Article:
The good news? Up to 60% of these 8th graders raise their grades within a month once we show them the potential for a new reality. And over 15 years and 1,500 total program participants, only one of our students has been shot (and survived) and only six students – one out of every 250 – had a baby before the end of high school (and five out of those six still enrolled in college).
Students in our communities may not have it easy, but that shouldn’t mean that becoming a first generation college student must be hard. Reality Changers has created a formula where low-income, inner-city youth will have earned over $120,000,000 in scholarships from all sources by May 2018 because we all believe that college changes everything.
Nothing makes us prouder to know that virtually all of Reality Changers’ students will avoid the disastrous fate associated with so many others facing similar situations. But we still shudder knowing that hundreds of students sit on our waiting list and thousands more would join Reality Changers if they had the chance.
It doesn’t have to be this way, though. We know what it takes to help them succeed. Will you partner with us so that – together – we can change their realities?
For more information, please go to www.RealityChangers.org or call:
Founder & President — Christopher Yanov (619) 516-2215
Director of Advancement — Lauren Tullis (619) 516-2215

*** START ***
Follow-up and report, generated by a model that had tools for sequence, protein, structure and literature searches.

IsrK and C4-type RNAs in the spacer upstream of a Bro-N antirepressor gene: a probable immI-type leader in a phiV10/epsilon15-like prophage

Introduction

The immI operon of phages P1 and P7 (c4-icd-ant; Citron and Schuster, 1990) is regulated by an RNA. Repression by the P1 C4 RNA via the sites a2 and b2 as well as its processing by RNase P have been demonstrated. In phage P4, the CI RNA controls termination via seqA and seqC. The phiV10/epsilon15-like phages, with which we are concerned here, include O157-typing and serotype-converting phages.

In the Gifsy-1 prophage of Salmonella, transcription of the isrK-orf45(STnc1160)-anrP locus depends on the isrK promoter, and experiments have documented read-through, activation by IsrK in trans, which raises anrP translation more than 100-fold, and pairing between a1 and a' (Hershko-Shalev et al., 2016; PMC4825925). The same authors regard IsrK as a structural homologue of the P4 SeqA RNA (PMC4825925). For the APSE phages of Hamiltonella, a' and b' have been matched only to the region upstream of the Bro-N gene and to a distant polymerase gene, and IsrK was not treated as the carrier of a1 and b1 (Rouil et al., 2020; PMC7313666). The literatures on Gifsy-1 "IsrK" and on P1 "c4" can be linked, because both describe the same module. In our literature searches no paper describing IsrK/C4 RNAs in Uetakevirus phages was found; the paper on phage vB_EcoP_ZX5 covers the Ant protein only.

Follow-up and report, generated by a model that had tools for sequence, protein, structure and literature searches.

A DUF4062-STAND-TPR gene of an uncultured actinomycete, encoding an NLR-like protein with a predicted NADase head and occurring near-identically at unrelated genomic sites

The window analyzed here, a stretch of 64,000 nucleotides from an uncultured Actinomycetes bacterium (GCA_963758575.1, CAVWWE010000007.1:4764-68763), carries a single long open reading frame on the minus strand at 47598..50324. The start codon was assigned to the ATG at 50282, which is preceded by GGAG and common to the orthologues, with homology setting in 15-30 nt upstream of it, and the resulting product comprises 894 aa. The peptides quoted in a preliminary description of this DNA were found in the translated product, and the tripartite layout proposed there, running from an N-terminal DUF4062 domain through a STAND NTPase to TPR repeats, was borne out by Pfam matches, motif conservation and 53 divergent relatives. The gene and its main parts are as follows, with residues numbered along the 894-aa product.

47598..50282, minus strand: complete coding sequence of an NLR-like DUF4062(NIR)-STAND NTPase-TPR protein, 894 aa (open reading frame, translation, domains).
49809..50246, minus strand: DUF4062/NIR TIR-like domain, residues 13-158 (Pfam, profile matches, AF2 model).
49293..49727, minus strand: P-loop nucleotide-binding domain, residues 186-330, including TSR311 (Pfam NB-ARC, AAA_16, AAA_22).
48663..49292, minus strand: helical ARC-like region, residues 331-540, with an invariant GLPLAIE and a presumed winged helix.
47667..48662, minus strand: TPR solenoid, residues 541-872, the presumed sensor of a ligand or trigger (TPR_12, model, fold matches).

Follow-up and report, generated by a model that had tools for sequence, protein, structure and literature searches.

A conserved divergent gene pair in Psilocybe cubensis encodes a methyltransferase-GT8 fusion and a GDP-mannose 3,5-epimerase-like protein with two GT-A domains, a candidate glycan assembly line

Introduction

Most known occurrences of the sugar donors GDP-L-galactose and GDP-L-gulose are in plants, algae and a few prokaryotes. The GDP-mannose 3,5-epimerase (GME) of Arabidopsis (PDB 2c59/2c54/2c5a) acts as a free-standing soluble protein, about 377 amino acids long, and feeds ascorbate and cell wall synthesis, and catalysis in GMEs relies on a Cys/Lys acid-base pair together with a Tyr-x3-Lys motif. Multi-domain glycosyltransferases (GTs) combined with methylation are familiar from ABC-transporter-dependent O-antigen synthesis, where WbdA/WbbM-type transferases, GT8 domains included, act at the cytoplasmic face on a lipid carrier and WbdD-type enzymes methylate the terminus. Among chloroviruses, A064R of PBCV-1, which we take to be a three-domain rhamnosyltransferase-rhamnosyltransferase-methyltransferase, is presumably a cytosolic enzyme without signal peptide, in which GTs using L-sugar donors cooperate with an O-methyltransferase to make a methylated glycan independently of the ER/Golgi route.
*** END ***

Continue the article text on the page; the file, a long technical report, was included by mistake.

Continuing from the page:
1 Morgan, Neil. “City Heights: Starting over to Get a Life, save a City.” Union-Tribune 24 May 1998. Print.
2 Office of Juvenile Justice and Delinquency Prevention’s Socioeconomic Mapping and Resource Topography system
3 Burks, Megan. “San Diego’s Richest Poor Neighborhood, Two Decades Later.” Http://www.voiceofsandiego.org/. 8 Nov. 2014. Web.
4 Wilson, James. “The Hidden Impact of High School Dropouts.” Union-Tribune 3 Nov. 2011: B7. Print.
5 SANDAG SAM Program, 2010
6 Wilson, James. “Crime and High School Graduation Requirements.” Union-Tribune 10 Aug. 2012: B7. Print.
7 Wilson, James. “The Hidden Impact of High School Dropouts.” Union-Tribune 3 Nov. 2011: B7. Print.
8 Haskins, Ron, Harry Holzer and Robert Lerman. “Promoting Economic Mobility by Increasing Postsecondary Education.” Promoting Economic Mobility by Increasing Postsecondary Education. Web. 23 Nov. 2015
9 California Budget. 2008-09 Budget. Online at www.ebudget.ca.gov
10 Leff, Lisa. “College Readiness Not Keeping Up with Graduation in Calif.” Union-Tribune 6 Apr. 2014: A22. Print.
11 Fishman-Lipsey, Rebecca. “The Education Gap In Low Income America Is The Next Civil Rights Issue.” Businessinsider.com. 4 Jan. 2012. Web.
12 Pyrooz, David C., and Gary Sweeten. “Gang Membership Between Ages 5 and 17 Years in the United States.” Journal of Adolescent Health: 414-19. Print.
13 David-Ferdon C, Simon TR. Preventing Youth Violence: Opportunities for Action. Atlanta, GA: National Center for Injury Prevention and Control, Centers for Disease Control and Prevention, 2014.
14 David-Ferdon C, Simon TR. Preventing Youth Violence: Opportunities for Action. Atlanta, GA: National Center for Injury Prevention and Control, Centers for Disease Control and Prevention, 2014.
15 This American Life. Public Radio International. 14 Sept.2012.